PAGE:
Ag Advocate Michele Payn-Knoper Believes Agriculture's Future Depends on Connecting with ConsumersSat, 07 Nov 2015 19:28:21 CST
Agriculture must become more proactive in telling it’s story. That's the recommendation of agricultural advocate and dairy producer Michele Payn-Knoper. In speaking at the Angus Means Business Convention in Overland Park, Kansas, she said producers need to be talking about issues before they “hit the frying pan”.
“It’s all about proactive response, rather than defensive response, which we seem to excel at in agriculture,” Payn-Knoper said. "I absolutely know that we are doing the right thing, but the reality is, we can’t wait til tomorrow to tell our story.”
Agriculture’s major hot button issues right now include antibiotics, hormones and biotechnology. Payn-Knoper said producers need to be prepared to talk about why they use antibiotics or grow biotech crops and keep the message simple. In talking with others, she often relates to people as a mom, instead of as a farmer. She encourages ag producers to be relatable to consumers.
Radio Oklahoma Network Farm Director Ron Hays caught up with Payn-Knoper at the Angus Means Business Convention. Click or tap on the LISTEN BAR below to listen to their full interview.
With a number of issues facing agriculture, one of the most important lessons is not to take consumer concerns too personally. Payn-Knoper said consumers are not asking these questions to be insulting, but rather because they do not know the answer. She believes humans connect with other humans, so if we can relate to them and plant a question about the claims that are being made by activists and by other organizations, then agriculture has the opportunity to have a conversation with the public.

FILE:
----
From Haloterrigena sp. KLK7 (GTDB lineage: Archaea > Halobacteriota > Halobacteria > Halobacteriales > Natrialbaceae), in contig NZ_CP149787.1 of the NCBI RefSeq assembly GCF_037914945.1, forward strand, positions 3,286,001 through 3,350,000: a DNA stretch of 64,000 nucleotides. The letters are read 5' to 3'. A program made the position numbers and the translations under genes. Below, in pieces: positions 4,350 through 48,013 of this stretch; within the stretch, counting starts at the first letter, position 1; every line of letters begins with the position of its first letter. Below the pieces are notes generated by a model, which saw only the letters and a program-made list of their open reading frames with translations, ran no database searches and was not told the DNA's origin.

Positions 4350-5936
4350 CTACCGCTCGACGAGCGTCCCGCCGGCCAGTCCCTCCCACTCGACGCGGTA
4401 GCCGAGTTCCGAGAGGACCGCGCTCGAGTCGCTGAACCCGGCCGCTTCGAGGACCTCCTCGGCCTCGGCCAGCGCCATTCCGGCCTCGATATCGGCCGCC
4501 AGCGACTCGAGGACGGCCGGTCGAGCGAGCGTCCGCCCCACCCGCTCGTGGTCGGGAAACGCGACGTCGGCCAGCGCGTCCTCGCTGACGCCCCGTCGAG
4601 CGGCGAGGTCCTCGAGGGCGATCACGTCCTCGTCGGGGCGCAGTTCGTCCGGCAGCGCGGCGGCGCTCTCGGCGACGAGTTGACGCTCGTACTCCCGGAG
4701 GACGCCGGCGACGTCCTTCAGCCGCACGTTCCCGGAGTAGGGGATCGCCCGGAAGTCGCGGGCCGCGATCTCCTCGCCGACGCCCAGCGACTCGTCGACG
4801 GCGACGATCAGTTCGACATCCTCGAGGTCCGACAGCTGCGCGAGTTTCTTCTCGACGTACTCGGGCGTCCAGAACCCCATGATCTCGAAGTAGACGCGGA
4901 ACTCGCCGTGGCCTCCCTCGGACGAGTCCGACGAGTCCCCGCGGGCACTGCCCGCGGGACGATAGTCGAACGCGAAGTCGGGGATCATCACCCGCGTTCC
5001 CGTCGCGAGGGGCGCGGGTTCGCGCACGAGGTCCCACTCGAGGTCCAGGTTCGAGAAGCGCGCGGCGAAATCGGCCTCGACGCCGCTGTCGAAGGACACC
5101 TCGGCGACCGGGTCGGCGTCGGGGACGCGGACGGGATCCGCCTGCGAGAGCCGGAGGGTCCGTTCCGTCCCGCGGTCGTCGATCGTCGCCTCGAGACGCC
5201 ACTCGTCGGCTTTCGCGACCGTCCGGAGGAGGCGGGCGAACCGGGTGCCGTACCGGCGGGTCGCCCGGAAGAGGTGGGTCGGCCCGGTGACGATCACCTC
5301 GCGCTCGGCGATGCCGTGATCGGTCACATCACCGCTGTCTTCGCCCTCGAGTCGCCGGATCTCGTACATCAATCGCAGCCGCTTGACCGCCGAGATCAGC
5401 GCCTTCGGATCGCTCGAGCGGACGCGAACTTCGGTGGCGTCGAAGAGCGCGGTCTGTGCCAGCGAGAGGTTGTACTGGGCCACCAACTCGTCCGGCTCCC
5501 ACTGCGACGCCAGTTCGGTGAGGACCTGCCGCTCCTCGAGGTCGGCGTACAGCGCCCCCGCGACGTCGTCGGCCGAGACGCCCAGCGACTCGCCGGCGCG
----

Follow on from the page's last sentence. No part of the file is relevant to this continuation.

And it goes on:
“But, if we’re not being proactive and we don’t create that question mark, then we lose our right to farm, as we best see fit,” Payn-Knoper said.
In telling your story, Payn-Knoper recommends farmers talk about what they love with who they love. She said if you want to protect your farm’s future, then producers have to willingly to share their story with friends. Whether that’s through personal conversations or through sharing photos or videos on social media, she said this is about sharing what you do, why you do it and the result for the consumer.
“We certainly don’t lack the tools, perhaps we lack the time, but again this is about investing in your future and all of our future in agriculture,” Payn-Knoper said.
Ron Hays talks with dairy farmer and agricultural advocate Michele Payn-Knoper
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